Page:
Practice imperfect: The struggle for health in early modern English literature
This dissertation examines how early modern British writers use practical texts of spiritual and physical health in their works. During the sixteenth and seventeenth centuries in England, the problem of attaining and maintaining health was a fixation of many authors of practical works, producing a flood of texts purporting to offer a ready and easy way to physical and spiritual health through careful governance. While these discourses were immensely popular and influential, their broad and totalizing approaches often overlook the contingencies inherent in individual experience, as well as inadequacies in human nature and knowledge. I demonstrate that literature complicates claims, asserted by both theology and medicine, that there can be perfect methods of practice and fixed knowledge about health. Early modern scholars tend to focus on how these discourses of physical and spiritual health resonate in literature, suggesting a one-way relationship in which literature merely reflects broader cultural concerns. My dissertation asks us to think about this relationship in a new, more dynamic way: reading under-examined practical texts alongside literary works by William Shakespeare, John Donne, and female prophets like Anna Trapnel, I show that British literature participates in debates about health in the sixteenth and seventeenth centuries, and that it both develops cultural knowledge and challenges it, revealing a growing awareness of the frailty and uncertainty inherent in human knowledge.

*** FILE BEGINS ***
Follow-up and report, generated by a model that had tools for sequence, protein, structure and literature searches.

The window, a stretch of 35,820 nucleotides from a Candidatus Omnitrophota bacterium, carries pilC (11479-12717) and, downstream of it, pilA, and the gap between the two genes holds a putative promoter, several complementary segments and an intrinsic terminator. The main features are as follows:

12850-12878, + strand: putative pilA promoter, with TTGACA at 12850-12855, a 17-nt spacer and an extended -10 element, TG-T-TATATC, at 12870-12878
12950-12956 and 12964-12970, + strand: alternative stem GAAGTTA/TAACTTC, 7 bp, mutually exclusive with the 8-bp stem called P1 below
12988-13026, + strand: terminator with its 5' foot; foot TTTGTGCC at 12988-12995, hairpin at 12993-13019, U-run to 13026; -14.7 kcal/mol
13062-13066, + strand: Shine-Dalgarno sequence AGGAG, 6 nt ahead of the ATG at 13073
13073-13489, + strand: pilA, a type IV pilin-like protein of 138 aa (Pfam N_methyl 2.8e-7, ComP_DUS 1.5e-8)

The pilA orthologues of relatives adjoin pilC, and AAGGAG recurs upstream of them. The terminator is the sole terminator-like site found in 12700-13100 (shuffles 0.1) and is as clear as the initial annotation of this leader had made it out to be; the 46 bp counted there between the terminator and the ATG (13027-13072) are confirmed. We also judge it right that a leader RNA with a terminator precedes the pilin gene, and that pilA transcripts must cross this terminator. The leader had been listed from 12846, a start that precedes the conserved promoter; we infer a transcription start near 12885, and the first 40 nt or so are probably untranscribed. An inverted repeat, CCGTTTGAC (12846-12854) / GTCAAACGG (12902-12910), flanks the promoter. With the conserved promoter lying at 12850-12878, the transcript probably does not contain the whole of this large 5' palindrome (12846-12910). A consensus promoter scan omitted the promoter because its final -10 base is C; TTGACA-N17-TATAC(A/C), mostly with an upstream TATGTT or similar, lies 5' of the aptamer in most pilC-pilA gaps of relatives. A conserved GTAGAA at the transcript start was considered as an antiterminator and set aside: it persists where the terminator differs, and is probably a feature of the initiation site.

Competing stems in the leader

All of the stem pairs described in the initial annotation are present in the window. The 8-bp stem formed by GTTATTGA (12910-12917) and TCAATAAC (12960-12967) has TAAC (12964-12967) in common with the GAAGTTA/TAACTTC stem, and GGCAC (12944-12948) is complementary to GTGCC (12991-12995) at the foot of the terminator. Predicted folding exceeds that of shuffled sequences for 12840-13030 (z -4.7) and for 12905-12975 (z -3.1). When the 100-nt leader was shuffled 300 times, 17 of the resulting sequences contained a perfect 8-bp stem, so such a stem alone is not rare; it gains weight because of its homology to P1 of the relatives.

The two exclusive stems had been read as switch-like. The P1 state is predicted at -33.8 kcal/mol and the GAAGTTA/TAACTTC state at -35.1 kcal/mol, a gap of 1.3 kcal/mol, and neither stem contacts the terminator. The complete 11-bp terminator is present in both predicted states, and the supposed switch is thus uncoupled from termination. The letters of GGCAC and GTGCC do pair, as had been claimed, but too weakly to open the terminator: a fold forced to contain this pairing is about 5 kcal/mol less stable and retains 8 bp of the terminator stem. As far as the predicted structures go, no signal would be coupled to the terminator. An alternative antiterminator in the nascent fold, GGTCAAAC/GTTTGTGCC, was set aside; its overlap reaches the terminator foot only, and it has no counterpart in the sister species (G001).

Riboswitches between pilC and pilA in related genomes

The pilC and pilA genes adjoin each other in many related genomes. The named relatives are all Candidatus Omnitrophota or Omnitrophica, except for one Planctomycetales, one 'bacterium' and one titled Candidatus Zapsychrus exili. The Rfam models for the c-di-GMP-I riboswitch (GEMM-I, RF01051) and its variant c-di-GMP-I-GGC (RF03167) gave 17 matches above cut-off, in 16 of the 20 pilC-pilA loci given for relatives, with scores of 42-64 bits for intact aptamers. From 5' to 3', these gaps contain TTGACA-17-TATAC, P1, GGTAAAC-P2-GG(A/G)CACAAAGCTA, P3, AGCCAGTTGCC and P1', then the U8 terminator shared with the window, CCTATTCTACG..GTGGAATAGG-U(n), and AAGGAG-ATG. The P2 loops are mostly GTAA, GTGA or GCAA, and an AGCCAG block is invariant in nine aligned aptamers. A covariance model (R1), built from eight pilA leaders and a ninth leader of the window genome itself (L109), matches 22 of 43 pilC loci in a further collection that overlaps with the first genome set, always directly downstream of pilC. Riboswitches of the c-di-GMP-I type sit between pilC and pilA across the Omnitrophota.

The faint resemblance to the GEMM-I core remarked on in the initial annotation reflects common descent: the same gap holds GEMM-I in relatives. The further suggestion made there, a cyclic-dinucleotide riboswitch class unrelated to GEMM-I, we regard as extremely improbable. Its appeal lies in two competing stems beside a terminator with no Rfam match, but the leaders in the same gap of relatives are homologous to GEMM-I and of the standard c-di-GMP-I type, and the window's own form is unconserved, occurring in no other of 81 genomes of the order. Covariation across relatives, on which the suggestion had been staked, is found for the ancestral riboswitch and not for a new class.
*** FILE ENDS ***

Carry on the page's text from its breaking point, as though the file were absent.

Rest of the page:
British and Irish literature
Butzner, Alexis Marie, "Practice imperfect: The struggle for health in early modern English literature" (2017). ETD Collection for Fordham University. AAI10195458.